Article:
Along with many other languages, English has a relatively straightforward grammatical distinction between mass-occurrences of nouns and their countoccurrences. As the mass-count distinction, in my view, is best drawn between occurrences of expressions, rather than expressions themselves, it becomes important that there be some rule-governed way of classifying a given noun-occurrence into mass or count. The project of classifying noun-occurrences is the topic of Section II of this paper. Section III, the remainder of the paper, concerns the semantic differences between nouns in their mass-occurrences and those in their count-occurrences. As both the name view and the mixed view are, in my opinion, subject to serious difficulties discussed in Section III.1,I defend a version of the predicate view. Traditionally, nouns in their singular count-occurrences are also analyzed as playing the semantic role of a predicate. How, then, does the predicate view preserve the intuitive difference between nouns in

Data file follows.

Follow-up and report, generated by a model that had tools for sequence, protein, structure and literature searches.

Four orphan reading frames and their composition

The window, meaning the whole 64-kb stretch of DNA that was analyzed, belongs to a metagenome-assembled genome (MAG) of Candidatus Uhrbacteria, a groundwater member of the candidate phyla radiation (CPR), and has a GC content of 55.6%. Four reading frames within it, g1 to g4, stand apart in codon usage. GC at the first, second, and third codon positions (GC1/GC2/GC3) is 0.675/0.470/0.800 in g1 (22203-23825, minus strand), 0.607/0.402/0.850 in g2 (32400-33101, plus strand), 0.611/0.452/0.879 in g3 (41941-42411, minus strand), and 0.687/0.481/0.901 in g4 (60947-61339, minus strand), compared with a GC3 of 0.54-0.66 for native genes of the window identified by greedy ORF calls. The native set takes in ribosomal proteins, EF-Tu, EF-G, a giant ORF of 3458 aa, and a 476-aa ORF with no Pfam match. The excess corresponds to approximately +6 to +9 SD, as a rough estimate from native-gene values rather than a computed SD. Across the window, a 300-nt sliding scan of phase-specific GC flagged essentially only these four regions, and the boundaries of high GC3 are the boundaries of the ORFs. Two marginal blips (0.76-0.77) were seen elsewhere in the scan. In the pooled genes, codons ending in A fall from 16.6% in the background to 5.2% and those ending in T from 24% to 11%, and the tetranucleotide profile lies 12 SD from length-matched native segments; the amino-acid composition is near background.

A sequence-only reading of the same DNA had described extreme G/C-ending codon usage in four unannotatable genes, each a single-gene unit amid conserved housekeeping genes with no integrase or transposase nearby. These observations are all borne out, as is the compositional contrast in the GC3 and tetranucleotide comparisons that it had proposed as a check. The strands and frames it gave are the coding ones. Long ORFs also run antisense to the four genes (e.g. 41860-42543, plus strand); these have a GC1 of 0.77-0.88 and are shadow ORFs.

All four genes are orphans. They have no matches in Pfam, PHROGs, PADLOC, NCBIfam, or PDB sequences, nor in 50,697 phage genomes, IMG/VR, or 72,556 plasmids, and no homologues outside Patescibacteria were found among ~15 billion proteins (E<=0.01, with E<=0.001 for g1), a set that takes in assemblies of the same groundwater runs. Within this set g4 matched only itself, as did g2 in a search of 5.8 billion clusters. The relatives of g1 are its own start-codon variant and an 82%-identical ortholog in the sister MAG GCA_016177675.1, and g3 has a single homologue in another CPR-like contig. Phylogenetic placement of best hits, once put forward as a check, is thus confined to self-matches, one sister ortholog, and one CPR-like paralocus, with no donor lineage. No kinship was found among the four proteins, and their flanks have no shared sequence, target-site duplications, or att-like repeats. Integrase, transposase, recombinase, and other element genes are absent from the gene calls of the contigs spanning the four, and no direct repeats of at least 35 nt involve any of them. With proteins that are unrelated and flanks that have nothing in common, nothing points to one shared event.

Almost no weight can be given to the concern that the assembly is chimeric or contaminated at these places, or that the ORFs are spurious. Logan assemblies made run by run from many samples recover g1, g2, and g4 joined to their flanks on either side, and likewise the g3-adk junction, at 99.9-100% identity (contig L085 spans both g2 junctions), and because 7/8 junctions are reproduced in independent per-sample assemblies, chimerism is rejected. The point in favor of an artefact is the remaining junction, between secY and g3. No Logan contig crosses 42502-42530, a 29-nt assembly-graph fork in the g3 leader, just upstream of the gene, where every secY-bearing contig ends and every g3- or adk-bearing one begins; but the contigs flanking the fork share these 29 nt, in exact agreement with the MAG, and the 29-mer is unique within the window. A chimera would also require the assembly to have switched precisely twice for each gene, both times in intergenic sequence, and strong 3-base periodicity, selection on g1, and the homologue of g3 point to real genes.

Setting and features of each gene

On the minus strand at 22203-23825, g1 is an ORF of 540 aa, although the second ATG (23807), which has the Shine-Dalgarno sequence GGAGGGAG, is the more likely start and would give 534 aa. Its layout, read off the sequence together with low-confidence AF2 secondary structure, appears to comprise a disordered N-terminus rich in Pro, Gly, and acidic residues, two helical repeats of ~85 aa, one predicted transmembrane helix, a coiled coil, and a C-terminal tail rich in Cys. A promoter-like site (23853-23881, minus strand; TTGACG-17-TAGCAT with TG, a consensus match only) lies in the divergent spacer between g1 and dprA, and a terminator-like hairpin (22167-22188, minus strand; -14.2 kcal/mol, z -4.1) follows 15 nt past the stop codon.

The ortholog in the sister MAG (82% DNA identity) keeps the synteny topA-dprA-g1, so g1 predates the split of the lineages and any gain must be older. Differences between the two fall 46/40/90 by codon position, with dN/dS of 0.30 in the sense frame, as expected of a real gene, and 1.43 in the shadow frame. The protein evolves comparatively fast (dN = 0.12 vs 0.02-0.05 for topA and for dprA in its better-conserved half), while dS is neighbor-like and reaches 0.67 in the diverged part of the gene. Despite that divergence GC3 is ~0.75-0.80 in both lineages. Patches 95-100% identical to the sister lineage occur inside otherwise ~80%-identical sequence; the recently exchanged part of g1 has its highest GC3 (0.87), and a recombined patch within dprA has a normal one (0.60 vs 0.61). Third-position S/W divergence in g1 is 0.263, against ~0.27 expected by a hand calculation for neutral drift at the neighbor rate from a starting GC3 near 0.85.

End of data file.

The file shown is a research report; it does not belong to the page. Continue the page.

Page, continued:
their mass- and those in their count-occurrences? I suggest, in Section III.2, that there are different kinds of predicates: mass-predicates, e.g. ‘is hair’, singular count-predicates, e.g. ‘is a hair’, and plural count-predicates, e.g. ‘are hairs’. Mass-predicates and count-predicates, in my view, are not reducible to each other. The remainder of Section III takes a closer look at the differences and interrelations between these different kinds of predicates. Mass-predicates and count-predicates differ from each other truth-conditionally, and these truth-conditional differences turn out to have interesting implications, in particular concerning the part-whole relation and our practices of counting. But mass- and count-predicates are also related to each other through systematic entailment relations; these entailment relations are examined
in Section III.4.